Planning Remote and Hybrid School Culture Programs for Fall 2020

Remote-and-Hybrid-School-Culture-Programs

School leaders across the country are facing additional layers of complexity as they prepare for the 2020-2021 school year. The saying, “the only constant is change” has never felt more real. As school leaders plan for the fall, strategies to ensure rigorous curriculum, positive, supportive school culture, and quality teacher instruction must be developed now in anticipation of a highly uncertain future.

Some schools will consider using a virtual or hybrid-learning model for next school year. It is likely that academic content will be delivered in nontraditional ways, which will require teachers, students, parents and administrators to continue being flexible and supportive.

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Fostering a positive school culture and offering opportunities for staff professional development on new content must be considered. 

Develop or Maintain a Positive School Culture Program 

Schools can be a source of strength for students whose lives have been disrupted. Many students will be returning to school having experienced trauma, extreme stress and a disruption of normalcy. Addressing and supporting the social-emotional needs of students during distance learning and once students return to the school building will be critical to fostering a caring and supportive school culture. Some schools may choose to use programs like Kickboard to help track student behaviors. This would help school leaders identify students that would benefit from additional support.

Schools can also support PBIS next school year by providing workshops for parents. Depending on the circumstances, these workshops can be held online or physically at school. Workshop topics could include the importance of establishing routines, setting clear behavioral and/or academic expectations and positive praise both at school and at home. Educators are encouraged to follow the general rule of thumb; for every 1 corrective interaction there should be 3 positive interactions (3:1 positivity ratio). Together, educators and parents should work together to implement a positive behavior framework that will support students at home and at school.

Regardless of where learning is taking place, teachers, parents and administrators should be rewarding and recognizing students. Over the past few weeks, I have seen teachers come up with creative incentives that can be implemented again next school year. Teachers have rewarded students by taking them on virtual field trips, one teacher had a Zoom movie night where she rented a movie and shared her screen with the students so they could all watch together. Other teachers are making more positive calls home and giving student shout-outs during online classes. 

Teachers and support staff can also continue implementing specific interventions such as the Check-in/Check-Out behavior system for students who have been identified as needing additional support. This system can be implemented virtually (or in-person) by assigning a staff member to students who they will communicate with twice on a daily basis, checking-in and out at a set time each day.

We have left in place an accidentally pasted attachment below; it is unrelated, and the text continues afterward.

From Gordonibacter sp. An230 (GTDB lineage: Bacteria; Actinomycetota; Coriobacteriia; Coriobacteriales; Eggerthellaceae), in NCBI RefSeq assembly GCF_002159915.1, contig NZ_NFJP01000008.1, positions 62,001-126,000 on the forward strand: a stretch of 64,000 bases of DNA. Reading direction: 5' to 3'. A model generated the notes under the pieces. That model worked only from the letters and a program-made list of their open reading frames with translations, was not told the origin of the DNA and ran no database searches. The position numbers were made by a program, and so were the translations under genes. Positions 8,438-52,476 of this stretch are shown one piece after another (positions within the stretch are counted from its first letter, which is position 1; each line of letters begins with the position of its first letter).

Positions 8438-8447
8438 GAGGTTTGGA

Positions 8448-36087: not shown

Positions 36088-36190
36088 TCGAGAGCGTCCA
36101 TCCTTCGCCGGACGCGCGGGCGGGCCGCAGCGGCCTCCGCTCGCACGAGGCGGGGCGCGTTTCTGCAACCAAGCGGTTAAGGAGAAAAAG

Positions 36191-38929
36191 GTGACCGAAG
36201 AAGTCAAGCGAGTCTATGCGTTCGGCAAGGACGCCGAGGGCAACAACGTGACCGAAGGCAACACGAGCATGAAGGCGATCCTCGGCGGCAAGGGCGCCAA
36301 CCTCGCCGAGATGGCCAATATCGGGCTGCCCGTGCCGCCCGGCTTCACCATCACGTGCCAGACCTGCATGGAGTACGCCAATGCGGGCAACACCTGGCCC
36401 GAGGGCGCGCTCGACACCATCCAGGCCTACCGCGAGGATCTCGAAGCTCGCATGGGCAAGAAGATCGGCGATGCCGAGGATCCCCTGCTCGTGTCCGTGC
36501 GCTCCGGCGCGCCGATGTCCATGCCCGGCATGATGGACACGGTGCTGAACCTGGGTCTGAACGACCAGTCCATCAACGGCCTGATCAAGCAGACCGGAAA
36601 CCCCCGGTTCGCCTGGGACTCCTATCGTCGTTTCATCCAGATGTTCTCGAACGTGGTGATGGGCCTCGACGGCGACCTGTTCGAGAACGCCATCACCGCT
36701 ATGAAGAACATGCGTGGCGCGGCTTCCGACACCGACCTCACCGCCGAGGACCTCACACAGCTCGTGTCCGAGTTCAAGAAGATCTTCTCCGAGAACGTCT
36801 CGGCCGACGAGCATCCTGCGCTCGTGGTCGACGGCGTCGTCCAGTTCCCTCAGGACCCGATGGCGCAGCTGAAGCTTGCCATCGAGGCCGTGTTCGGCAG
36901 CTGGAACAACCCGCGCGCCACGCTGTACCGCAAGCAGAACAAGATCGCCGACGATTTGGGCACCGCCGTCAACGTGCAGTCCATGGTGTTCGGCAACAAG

Staff Professional Development 

As virtual learning continues, teachers and staff will need to be trained and supported as they continue using online platforms and a variety of instructional resources. As a way to cultivate the leadership capacity at your school, ask a staff member who has been successful at using one of the programs this spring to develop a staff Professional Development session where they can share their best practices and provide on-going support to other teachers who may be using that program. Allowing teachers an opportunity and space where they can lead will strengthen the school’s culture, while also providing a learning experience for other teachers and staff.  

Every Friday I ask teachers to reflect and share one way they have motivated their students that week. I compile their responses and email them out to the entire staff. This has been extremely successful as it allows teachers to learn from one-another regardless of the grade level or content area they teach. Teachers are more mindful of the different techniques they are using and students are seeing consistencies. Survey results indicate that students recognize and appreciate these different practices. School leaders have a lot to consider as they plan for different scenarios next fall. As educators, we challenge our students to think critically and apply their knowledge to real-world scenarios. Now, more than ever, school leaders must do the same.

As school leaders start to plan for the 2020-2021 school year, consider taking the following actions:

  • Conduct an end of year survey for students, parents and staff to gather feedback about current distance learning initiatives and what should change for the fall. 
  • Develop school supply lists to include headphones with microphones and personal protective equipment. Be sure to plan for students who won’t be able to gain their own access to these materials.
  • Develop summer assignments and systems to address learning gaps as a result of distance learning.
  • Set dates and plan for new student/parent virtual orientations.
  • Update school handbooks to include distance learning protocol and expectations.
  • Brainstorm ways that your school can mitigate risk by developing flexible scheduling plans and stay informed with CDC guidelines.
  • Establish extensive, long-term cleaning plans and expectations for students.